Not to be confused with "selling this stuff to OTHER people who think it works," which corporate accountants and actuaries have zero problems with.

Some people fall into the assumption that, because markets promote something called “rationality,” they must therefore favor every form of reason and disfavor every form of unreason.  However, the rationality which comes from markets is in fact something of a very narrow sort.  A month after our discussion, we noted that Shikha Dalmia had put it very well: “Markets don’t reward merit, they reward value.”  Dalmia summarizes the views of economist Friedrich Hayek:

In a functioning market, Hayek insisted, financial compensation depends not on someone’s innate gifts or moral character. Nor even on the originality or technological brilliance of their products. Nor, for that matter, on the effort that goes into producing them. The sole and only issue is a product’s value to others. Compare an innovation as incredibly mundane as a new plastic lid for paint cans with a whiz-bang, new computer chip. The painter could become just as rich as the computer whiz so long as the savings from spills that the lid offers are as great as the productivity gains from the chip. It matters not a whit that the lid maker is a drunk, wife-beating, out-of-work painter who stumbled upon this idea through pure serendipity when he tripped over a can of paint. Or that the computer whiz is a morally stellar Ph.D. who spent years perfecting his chip.

As markets are neutral as to the virtue or vice of economic actors, so too are they neutral as to the truth or falsity of the ideas that those actors bring as products for sale.  If falsehoods are in demand, falsehoods will sell; if truths are not in demand, their bearers will go begging.  The mouseover text for the xkcd represents a nod to this fact, and an attempt to wriggle out of its implications: “Not to be confused with ‘selling this stuff to OTHER people who think it works,’ which corporate accountants and actuaries have zero problems with.”  That won’t do, since it assumes that we can assign a fixed meaning to the expression “works.”  An investment advisor who believes in astrology may not be any likelier than other advisors to beat the market, but s/he may very well use that belief to “make a killing,” if s/he attracts clients who strongly value such a belief.  In that case, astrology would not “work” in the sense that quantitative analysts officially recognize, but it would make the advisor every bit as rich as it would if it did meet their definitions of success.  As for whether it makes the clients rich, well, Fred Schwed answered that one in 1940:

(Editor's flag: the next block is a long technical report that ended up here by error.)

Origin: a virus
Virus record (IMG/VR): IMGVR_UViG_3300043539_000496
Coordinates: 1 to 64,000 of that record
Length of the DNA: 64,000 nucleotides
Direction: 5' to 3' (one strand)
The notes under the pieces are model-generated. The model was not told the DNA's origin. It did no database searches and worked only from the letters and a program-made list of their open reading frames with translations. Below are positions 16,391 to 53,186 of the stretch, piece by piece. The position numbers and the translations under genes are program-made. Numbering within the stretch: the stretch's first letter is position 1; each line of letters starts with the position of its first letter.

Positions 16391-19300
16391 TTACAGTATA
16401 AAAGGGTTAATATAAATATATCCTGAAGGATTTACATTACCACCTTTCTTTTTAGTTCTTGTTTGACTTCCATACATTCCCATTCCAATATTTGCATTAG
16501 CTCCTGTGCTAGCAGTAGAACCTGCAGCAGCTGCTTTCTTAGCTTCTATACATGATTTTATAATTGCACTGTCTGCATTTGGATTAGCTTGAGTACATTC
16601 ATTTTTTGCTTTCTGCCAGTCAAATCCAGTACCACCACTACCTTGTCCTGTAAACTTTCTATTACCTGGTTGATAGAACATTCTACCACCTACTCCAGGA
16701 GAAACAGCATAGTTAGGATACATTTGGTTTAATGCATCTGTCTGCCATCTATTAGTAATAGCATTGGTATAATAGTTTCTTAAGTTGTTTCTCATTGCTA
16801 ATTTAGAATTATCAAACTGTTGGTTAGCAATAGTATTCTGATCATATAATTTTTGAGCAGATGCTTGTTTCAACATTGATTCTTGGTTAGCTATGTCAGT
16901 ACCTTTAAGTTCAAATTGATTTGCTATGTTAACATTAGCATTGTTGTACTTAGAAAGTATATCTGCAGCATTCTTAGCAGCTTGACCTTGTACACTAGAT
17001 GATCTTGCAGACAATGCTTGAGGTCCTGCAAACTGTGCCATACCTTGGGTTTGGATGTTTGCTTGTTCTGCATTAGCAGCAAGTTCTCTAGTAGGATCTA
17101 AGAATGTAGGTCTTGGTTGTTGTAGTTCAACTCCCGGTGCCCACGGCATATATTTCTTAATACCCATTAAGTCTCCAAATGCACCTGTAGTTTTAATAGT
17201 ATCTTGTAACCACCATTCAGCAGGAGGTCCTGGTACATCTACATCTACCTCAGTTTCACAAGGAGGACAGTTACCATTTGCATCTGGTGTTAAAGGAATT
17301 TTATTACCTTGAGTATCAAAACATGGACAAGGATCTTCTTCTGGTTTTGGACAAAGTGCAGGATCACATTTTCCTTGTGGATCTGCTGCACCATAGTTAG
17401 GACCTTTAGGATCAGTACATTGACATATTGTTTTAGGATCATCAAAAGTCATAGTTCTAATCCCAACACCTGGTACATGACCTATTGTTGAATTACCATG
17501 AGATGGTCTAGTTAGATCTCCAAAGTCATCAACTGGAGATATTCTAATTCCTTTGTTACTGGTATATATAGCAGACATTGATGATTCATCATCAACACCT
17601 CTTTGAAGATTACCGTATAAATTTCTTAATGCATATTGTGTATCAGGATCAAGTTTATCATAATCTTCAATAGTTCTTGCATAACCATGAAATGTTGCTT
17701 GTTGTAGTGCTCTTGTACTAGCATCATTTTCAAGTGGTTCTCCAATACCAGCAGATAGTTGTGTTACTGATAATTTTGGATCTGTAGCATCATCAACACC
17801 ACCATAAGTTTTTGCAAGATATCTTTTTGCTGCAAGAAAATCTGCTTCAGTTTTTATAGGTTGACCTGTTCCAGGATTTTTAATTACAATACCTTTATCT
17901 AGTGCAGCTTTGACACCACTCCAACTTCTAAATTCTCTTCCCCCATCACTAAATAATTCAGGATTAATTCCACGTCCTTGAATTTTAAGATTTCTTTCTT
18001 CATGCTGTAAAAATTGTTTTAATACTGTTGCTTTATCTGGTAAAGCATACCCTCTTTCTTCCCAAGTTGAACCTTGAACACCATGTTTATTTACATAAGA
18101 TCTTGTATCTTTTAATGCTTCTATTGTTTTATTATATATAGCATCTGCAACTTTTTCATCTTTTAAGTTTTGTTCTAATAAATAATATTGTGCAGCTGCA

Once in the dear dead days beyond recall, an out of town visitor was being shown the wonders of the New York financial district.  When the party arrived at the Battery, one of his guides indicated some handsome ships riding at anchor.  He said, “Look, these are the bankers’ and brokers’ yachts.”  “Where are the customers’ yachts?,” asked the naive visitor.

Clearly, markets have not dissolved belief in astrology, any more than the continued non-existence of the customers’ yachts has discouraged people going to brokers and bankers.  If the practice of judicial astrology first arose in cities, it may in fact be a by-product of market society.  Perhaps we might find that judicial astrology began, not simply as a more elaborate version of a natural astrology that had long been a feature of rural life, but as an attempt to understand market interactions and the power of the market.  In that case, it would qualify as a school of economics.  One may wonder whether judicial astrology would be the most absurd such school in practice today.

The Atlantic, October 2011

The current issue of The Atlantic contains four pieces on which I took notes.  All four of them had to do with masculinity in one way or another.

Historian Taylor Branch contributes an article about college sports in the USA.  Non-USA types may not be aware that colleges and universities in the United States operate sports franchises, some of which have a mass following and an extremely lucrative financial aspect.  The athletes are not paid for their participation in this multibillion dollar industry; they are not even compensated for injuries they receive in the course of them.  Branch outlines the story of how this preposterously unfair system came to exist, and considers several recent developments that may bring it to an end.  Athletes are symbols of masculinity in the USA, as elsewhere; the amateur ideal may once have been part of a concept of masculinity that some upper-class Americans cherished, but nowadays even volunteerism is often justified in terms of its resume-building potential.  Moneymaking has become the masculine activity par excellence.  So the National Collegiate Athletic Association’s (NCAA’s) model of the unpaid “student-athlete” is a bit of an anachronism.